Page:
January 11, 2011 | 12:00-1:00 PM | Free & Open to the Public
Humanities 1 Building, Room 210, UC Santa Cruz
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In the late nineteenth century, a socialist workers’ movement burst onto the scene in New York City’s immigrant Jewish “ghetto.” Over subsequent decades and in cities around the country, hundreds of thousands of men and women participated in this Jewish labor movement. They recast Jewish culture and community, and made a strong imprint on American politics and social movements. Where did the Jewish labor movement come from? According to an old and widespread misperception, immigrants transplanted radical traditions from Russia onto American soil. In fact, the reverse was true. In the 1880s and 1890s, most immigrants first discovered socialism in New York and other cities. They built the Jewish labor movement from scratch without support from Russia. Indeed, New Yorkers provided crucial assistance to Russian Jewish revolutionaries, enabling to start a workers movement of their own.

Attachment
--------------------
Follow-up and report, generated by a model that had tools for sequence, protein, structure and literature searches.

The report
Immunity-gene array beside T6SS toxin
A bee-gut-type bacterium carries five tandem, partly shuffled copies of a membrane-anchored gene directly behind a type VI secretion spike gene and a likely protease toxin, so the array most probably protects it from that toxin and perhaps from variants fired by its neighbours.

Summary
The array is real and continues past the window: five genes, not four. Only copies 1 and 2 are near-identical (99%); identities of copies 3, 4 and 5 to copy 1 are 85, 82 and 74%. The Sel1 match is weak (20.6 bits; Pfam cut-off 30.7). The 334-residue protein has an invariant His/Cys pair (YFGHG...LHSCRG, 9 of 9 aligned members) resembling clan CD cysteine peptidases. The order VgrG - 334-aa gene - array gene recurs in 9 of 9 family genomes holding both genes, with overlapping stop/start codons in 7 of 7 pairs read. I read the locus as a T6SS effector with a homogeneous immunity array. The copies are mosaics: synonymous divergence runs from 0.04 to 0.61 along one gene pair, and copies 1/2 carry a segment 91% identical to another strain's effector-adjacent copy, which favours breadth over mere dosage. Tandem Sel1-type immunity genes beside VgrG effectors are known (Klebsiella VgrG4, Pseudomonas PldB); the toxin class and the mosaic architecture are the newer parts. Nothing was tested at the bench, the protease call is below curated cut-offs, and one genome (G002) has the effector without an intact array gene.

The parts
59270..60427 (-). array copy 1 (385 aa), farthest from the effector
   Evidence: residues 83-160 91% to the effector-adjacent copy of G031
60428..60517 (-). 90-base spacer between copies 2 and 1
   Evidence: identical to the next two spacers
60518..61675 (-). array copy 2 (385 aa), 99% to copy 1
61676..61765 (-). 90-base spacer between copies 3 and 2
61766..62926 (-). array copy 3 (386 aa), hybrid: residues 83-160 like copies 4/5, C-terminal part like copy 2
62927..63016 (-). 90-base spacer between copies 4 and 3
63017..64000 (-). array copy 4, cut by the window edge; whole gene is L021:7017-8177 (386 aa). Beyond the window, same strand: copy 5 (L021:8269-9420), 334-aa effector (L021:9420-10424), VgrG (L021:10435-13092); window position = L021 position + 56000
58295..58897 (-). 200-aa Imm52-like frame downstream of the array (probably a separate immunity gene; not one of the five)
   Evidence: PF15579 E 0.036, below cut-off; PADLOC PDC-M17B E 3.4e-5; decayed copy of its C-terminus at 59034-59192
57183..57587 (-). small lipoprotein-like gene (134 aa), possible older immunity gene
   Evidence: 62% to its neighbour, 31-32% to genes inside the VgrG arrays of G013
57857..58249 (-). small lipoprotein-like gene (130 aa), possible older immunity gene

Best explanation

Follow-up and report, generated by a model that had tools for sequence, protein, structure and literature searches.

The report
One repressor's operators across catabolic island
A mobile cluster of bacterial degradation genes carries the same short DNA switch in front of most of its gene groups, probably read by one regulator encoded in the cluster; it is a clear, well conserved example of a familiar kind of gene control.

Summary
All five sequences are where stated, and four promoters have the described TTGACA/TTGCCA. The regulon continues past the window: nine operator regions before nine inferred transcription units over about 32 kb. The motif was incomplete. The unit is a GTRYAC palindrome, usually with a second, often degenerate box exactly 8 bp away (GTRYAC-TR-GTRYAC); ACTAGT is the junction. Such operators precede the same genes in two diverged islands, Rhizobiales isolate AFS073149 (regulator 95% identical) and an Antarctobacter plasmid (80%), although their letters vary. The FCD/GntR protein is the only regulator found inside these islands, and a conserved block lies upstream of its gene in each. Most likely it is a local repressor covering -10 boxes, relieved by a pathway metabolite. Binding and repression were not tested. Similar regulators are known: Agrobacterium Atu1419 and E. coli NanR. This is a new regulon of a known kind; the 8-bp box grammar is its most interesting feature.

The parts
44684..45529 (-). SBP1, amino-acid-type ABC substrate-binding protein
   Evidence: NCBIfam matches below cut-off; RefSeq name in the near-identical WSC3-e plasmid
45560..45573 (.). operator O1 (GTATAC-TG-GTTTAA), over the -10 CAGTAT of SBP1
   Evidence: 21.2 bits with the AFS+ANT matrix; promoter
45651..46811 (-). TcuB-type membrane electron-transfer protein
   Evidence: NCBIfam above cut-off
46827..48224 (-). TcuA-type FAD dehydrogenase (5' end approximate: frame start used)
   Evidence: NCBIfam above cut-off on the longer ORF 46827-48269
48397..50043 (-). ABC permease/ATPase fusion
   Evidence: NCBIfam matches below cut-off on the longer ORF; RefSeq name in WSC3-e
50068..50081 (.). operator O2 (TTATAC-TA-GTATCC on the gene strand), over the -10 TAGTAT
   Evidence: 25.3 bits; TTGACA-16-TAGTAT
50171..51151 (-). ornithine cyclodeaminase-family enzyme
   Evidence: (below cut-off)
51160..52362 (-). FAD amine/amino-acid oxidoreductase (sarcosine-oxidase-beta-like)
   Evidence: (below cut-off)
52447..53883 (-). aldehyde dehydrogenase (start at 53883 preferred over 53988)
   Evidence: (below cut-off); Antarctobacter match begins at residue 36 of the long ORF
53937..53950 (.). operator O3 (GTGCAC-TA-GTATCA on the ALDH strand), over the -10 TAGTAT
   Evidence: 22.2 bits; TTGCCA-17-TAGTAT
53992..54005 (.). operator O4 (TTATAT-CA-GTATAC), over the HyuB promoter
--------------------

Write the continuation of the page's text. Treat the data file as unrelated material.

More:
Tony Michels is a graduate of UC Santa Cruz (Stevenson, ’89) and is now a professor of history at the University of Wisconsin, Madison. His book, A Fire in Their Hearts: Yiddish Socialists in New York, won the Salo Baron Prize from the American Academy for Jewish Research for the best first book in Jewish Studies. Michels is editor of the forthcoming book Jewish Radicals: A Documentary History and co-editor of the Cambridge History of Judaism: The Modern Era, to be published in 2013. He is currently writing a history of Jewish Communists and Anti-Communists in the United States.